This post is the third part of a continuing series on the subject of joint hypermobility. You can read the previous instalment by clicking here.
Hypermobility doesn't just affect joints; it can cause issues elsewhere in the body beyond the musculoskeletal system and, generally speaking, the stronger the manifestation of the hypermobility syndrome, the more severe the additional complications.
Researchers and clinicians are becoming more aware that hypermobility is typically a disorder that affects multiple systems, and its management is rarely limited to a single medical specialisation or physician.
For a long time, hypermobility was considered a purely mechanical problem that caused lax joints in otherwise healthy individuals, and treatment was essentially limited to advising patients to avoid movements where the joint(s) could become unstable.
Hypermobility has always been perceived as a low prevalence disorder, but it's very likely that it is highly underreported, either because patients don't seek medical treatment or doctors are not trained to routinely look for it.
The conditions that can accompany hypermobility include pelvic floor weakness, diaphragm dysfunction, chronic pain, poor kinaesthesia, autonomic nervous system dysfunction, gastrointestinal problems, and even psychiatric issues.
Chronic pain is becoming increasingly noted as a co-morbidity for hypermobile people, and it can be so severe that it interferes with an individual's ability to live a normal life.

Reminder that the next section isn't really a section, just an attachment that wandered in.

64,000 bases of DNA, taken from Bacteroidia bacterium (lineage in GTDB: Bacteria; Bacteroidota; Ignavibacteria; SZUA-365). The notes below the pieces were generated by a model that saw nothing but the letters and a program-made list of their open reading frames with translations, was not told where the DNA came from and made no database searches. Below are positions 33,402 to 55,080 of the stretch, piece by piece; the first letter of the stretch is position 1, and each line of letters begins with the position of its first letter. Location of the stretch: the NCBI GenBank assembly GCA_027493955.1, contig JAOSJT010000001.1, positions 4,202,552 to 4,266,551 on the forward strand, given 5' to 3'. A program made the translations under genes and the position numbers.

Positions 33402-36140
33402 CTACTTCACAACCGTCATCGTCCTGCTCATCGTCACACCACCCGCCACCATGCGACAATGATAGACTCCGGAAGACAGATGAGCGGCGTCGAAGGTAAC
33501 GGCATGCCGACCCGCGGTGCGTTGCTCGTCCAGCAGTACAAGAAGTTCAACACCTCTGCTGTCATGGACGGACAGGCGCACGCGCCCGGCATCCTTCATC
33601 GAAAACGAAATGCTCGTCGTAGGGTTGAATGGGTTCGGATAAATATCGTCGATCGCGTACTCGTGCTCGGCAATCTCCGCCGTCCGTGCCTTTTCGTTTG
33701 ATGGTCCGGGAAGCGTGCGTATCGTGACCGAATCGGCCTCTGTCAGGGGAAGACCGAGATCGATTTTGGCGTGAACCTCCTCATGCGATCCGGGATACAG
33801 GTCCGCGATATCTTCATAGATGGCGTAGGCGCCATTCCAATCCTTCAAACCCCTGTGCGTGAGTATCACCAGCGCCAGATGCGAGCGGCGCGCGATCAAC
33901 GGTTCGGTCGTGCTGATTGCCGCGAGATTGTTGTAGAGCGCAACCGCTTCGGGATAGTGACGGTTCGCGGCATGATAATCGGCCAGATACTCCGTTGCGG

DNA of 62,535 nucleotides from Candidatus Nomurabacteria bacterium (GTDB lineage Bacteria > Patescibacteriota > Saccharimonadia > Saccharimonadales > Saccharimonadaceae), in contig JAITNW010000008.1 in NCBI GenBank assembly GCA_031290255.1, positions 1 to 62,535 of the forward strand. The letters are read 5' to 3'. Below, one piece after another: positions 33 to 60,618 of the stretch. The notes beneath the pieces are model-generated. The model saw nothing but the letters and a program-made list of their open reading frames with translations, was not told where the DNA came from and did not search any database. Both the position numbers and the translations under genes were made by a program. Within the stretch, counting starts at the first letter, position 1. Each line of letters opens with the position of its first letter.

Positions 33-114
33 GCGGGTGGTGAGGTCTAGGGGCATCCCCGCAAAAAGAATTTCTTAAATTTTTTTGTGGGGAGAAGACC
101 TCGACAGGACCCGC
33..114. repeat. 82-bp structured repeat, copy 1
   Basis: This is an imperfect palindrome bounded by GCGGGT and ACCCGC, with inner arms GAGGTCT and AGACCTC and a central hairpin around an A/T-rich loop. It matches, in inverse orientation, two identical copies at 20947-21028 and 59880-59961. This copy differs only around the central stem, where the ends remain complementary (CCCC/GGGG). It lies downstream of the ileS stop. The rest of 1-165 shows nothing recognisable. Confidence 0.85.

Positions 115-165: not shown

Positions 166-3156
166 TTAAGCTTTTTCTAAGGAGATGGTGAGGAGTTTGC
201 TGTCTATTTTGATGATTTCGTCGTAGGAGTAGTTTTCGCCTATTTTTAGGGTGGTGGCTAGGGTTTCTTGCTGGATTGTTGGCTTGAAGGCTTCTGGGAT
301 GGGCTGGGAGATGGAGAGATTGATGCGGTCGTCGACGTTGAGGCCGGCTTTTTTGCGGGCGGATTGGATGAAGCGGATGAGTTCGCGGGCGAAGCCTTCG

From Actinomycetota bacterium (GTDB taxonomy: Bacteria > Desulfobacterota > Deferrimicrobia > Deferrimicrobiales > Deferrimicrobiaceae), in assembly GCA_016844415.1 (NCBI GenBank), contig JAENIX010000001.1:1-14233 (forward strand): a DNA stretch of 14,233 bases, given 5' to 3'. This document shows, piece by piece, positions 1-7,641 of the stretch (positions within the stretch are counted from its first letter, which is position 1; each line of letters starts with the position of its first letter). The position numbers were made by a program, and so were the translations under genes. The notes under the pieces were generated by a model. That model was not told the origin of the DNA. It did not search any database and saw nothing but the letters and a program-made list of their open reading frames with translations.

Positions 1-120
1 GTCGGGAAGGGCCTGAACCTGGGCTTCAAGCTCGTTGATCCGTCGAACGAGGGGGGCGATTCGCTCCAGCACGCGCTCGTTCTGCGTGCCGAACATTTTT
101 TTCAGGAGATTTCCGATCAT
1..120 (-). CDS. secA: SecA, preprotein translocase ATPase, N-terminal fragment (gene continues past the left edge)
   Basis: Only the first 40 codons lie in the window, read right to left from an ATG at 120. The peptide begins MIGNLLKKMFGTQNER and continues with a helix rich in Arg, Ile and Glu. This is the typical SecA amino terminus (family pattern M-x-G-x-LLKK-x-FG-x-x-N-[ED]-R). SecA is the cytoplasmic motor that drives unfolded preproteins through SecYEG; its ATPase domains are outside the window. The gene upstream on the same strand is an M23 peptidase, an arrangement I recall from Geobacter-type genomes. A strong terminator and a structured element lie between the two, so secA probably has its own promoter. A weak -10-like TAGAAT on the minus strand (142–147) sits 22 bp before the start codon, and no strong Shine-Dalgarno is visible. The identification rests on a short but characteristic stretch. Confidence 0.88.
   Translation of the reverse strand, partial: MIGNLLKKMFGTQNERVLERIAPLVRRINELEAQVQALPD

Hypermobility-associated chronic pain may often not be traced back to an original injury, is usually spread out across different regions of the body (or may be whole-body), tends to be accompanied by exaggerated or abnormal responses to normal stimuli like touch, and typically does not respond favourably to even strong opiate-based medications.
Therapeutic approaches to managing hypermobility-associated chronic pain also ordinarily have little long-term effect at restoring a patient's self-efficacy, because pain is frequently provoked by almost any movement, which results in a noxious cycle of movement avoidance and reinforcement of pain beliefs.
More research is needed to determine the optimal approach to resolving kinesiophobia that was triggered by trying to avoid pain, as well as providing the joints with the much-needed nourishment that can only come from regular, large amplitude movements.